House sponsor Rep. Doug Collins (R-GA), Ranking Member of the House Judiciary Committee, adds that this bill is needed to shed light on the role PBMs play in the American health care system:
“PBMs have an important role to play in America’s health care system, but too often they operate in the shadows, manipulating drug prices, steering patients and engaging in other anticompetitive behaviors that increase costs and force out community pharmacies. The Prescription Pricing for the People Act of 2019 would shed light on how PBMs are affecting prescription costs and patient choice. This would support Congress as it crafts evidence-based solutions to address the anticompetitive role PBMs play as pharmaceutical costs continue to rise. I’m grateful for Chairman Nadler’s leadership as we partner to bring needed transparency to the drug pricing landscape.”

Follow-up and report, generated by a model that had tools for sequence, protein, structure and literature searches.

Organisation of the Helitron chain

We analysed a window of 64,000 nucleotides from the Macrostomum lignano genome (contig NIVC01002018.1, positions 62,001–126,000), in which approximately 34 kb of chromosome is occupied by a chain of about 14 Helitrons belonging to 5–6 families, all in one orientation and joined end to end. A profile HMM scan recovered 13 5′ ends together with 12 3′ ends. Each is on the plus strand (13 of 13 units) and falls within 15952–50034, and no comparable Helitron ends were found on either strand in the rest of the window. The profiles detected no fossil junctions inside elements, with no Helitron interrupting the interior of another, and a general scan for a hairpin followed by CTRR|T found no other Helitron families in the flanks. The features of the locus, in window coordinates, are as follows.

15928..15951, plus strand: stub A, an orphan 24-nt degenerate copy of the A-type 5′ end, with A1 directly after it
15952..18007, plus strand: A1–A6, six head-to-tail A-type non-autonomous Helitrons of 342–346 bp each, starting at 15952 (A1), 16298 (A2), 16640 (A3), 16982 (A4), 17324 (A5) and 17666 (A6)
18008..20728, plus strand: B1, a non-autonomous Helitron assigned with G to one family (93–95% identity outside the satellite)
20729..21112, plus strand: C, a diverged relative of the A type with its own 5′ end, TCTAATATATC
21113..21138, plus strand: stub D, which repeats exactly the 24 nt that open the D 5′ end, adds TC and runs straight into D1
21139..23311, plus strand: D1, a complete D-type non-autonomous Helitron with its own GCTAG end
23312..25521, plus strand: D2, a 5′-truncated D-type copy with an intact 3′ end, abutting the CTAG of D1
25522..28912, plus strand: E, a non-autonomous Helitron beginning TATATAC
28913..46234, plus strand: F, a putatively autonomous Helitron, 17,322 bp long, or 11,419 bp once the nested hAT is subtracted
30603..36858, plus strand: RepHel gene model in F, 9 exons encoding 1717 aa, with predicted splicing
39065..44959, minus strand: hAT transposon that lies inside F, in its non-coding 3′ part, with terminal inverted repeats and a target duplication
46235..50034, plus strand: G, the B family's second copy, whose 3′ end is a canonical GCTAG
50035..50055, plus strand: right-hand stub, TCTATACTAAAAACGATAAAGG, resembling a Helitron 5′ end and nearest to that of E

Consumer Reports, which has long supported efforts to bring down prescription drug prices, supports this bill. In an April 29, 2019 letter to House Judiciary Committee leadership, it wrote:
“[This bill] would direct the FTC to conduct a thorough study on the effects of the way pharmacy benefit managers operate. As originally conceived, they can perform a valuable function as intermediaries between drug makers and health plans, helping negotiate lower wholesale prices. But their opaque operation makes it difficult to know whether they are acting in the interests of the health plans they ostensibly serve, or if they are operating in their own interests and taking kickbacks from drug makers in exchange for favoritism that keeps prices inflated and choices restricted. These concerns have grown more pronounced as the PBMs have become more consolidated, and have merged with other parts of the healthcare marketplace in ways that further increase the potential for conflicts of interest. A thorough study by the FTC will be very useful in helping determine what needs to be done to ensure competition and transparency.”